Why suicide is on the rise among Iraqi youths
The country is now facing a rising suicide rate among Iraqi youths, with many analysts attributing it to the economic hopelessness so many have experienced since 2003.
During the first eight months of 2020, the UN Office of the High Commissioner for Human Rights (OHCHR) announced 298 suicides across Iraq, including 68 in Baghdad, 39 in Basra and 30 in Dhi Qar. Some government statistics show that the number of suicides has doubled since 2003.
There are multiple contributing factors to suicide rates, including both personal problems and social issues. Economic hardship, however, has been a constant source of public despair, with unemployment rising steadily over the past decade and Iraq facing significant challenges since the defeat of the Islamic State (IS) in 2017.
"Family problems and economic reasons, in addition to psychological pressures recently due to the coronavirus pandemic, have all led to an increase in suicide rates and suicide attempts in Iraq," Dr. Ali Al-Bayati, a member of the High Commission for Human Rights, told The New Arab.
|The official data is not accurate, the real numbers are bigger, many people keep it hidden for social reasons|
"Also, the lack of interest in mental health and a lack of planning by the government to deal with this problem has led to an increase in cases of psychological problems that can contribute to suicide."
Videos of attempted suicides from bridges in the country have been widely shared across social media platforms. The problem has become so severe that the government proposed building a safety wall along bridges over the Tigris River in Baghdad, but many Iraqis have decried the measure as simply a band-aid rather than a radical solution.
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The Covid-19 pandemic has also contributed to an alarming increase in domestic violence across the country, with several high-profile crimes – including a woman throwing her children from a bridge - shocking the nation. One survey by Iraqi Family Health found that one in five Iraqi women experience domestic violence.
"The southern cities, including Basra, recorded the highest rates of suicide or suicide attempts, and their ages range from 18 to 30 years old. So, as always the official data is not accurate, the real numbers are bigger, many people keep it hidden for social reasons," a doctor in Basra who preferred to remain anonymous told The New Arab.
"We sometimes face pressure from relatives and tribal authorities to prevent us from conducting post-mortem examinations to investigate the cause of death. This happens for two reasons," the doctor added.
"The first stems from a socio-religious reason that the autopsy would damage the body, and the second reason is to cover up the real reason behind the death, as the family refuse to disclose it due to social and religious concerns".
Al-Bayati agrees with the doctor that official suicide statistics are often much lower than the real numbers. "The numbers issued by the Judicial Council regarding the number of suicides are always lower than what is announced by other private sectors or NGOs," he said.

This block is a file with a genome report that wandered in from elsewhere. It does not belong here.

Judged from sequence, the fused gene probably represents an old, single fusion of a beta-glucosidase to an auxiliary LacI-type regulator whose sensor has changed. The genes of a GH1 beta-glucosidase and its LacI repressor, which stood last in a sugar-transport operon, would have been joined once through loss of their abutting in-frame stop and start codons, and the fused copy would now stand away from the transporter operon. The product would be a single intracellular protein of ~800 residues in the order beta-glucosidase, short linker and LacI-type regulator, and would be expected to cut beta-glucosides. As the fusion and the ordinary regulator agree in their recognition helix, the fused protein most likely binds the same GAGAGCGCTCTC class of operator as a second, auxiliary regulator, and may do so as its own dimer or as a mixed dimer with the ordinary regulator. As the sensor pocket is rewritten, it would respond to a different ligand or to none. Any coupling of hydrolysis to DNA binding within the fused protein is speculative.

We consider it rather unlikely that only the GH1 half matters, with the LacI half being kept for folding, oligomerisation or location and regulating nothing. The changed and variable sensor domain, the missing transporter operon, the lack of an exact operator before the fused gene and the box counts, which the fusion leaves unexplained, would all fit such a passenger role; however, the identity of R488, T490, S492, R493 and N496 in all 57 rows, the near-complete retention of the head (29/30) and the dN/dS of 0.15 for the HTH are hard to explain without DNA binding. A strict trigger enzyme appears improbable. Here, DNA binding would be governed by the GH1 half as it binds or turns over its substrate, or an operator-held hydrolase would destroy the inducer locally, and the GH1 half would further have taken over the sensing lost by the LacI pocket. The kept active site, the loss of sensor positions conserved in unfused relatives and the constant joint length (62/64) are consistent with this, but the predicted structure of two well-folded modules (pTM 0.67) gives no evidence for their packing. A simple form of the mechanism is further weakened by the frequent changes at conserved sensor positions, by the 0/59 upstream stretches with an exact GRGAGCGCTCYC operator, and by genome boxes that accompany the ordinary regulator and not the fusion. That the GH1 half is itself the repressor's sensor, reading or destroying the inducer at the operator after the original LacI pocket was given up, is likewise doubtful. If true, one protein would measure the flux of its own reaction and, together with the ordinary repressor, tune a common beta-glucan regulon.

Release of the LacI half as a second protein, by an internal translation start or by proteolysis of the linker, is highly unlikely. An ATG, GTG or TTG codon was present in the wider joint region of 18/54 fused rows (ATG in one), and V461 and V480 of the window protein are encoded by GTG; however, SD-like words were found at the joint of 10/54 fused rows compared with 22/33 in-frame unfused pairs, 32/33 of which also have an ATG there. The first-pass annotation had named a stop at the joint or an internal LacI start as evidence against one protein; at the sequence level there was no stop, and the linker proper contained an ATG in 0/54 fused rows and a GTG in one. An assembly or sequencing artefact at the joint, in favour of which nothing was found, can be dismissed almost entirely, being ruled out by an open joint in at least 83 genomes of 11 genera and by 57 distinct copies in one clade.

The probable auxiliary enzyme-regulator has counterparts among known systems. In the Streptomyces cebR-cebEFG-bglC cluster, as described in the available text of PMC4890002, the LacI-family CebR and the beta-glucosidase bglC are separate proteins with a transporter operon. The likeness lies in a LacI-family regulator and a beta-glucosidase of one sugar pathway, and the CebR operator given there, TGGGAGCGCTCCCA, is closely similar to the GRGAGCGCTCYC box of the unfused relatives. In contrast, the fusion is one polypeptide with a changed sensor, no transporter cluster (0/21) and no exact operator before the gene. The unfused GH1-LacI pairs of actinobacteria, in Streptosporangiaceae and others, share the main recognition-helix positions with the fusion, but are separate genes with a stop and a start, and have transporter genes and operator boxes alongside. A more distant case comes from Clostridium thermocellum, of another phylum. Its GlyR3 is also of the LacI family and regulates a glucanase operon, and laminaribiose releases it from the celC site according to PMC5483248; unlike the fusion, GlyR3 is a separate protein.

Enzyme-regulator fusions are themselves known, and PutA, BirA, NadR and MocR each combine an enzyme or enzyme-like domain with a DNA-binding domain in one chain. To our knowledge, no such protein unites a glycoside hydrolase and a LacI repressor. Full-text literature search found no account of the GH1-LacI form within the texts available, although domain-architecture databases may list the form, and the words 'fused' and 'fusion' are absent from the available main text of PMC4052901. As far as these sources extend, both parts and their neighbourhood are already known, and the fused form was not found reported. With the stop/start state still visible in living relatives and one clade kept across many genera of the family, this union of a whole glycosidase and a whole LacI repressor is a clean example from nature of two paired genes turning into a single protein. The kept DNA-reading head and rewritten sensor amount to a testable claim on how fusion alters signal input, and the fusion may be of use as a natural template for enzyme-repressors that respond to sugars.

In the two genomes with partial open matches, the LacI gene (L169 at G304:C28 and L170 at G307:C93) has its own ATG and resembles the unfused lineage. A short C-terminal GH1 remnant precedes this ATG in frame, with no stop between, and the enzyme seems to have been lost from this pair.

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"It is true that investigations are conducted with suicides but sometimes in the tribal areas they have tried to hide it and that affects getting to the truth about suicide or suicide attempts in such communities".
Sometimes families will hide the cause of death by using "sudden death" on official reports rather than suicide. In other cases, however, deaths recorded as suicides are in fact what could be referred to as 'honor crimes', where the family has killed their daughter or son but tell the authorities it is suicide to exempt the perpetrators from punishment.
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"As far as I know, the Iraqi government does not allocate any part of the financial budget for mental health," Dr. Heba Al-Sufr, director of Sarah Center for Psychological Treatment and Rehabilitation in Basra, told The New Arab.
No hotlines or emergency numbers exist in hospitals to contact in case of a suicide attempt, while at the same time many people are wary of visiting psychologists for fear that it will bring a social stigma on their family.
"Most Iraqis prefer to stay away from psychological rehabilitation centers, and go to visit charlatans, who they think will provide them with treatment. There is a need to raise public awareness of mental health and how important it is to help youths from thinking about suicide," al-Sufr said.
"We are working hard by offering awareness sessions on social networking sites and introducing the community to the importance of mental health and safety."
Azhar Al-Rubaie is a freelance journalist based in Iraq. His writing focuses on a variety of issues, including politics, health, society, war, and human rights. Follow him on Twitter: @AzherRubaie
Mohammed Qasim is a freelance journalist based in Basra. His work focuses on politics, human rights and LGBTQ issues. Follow him on Twitter: @a98kk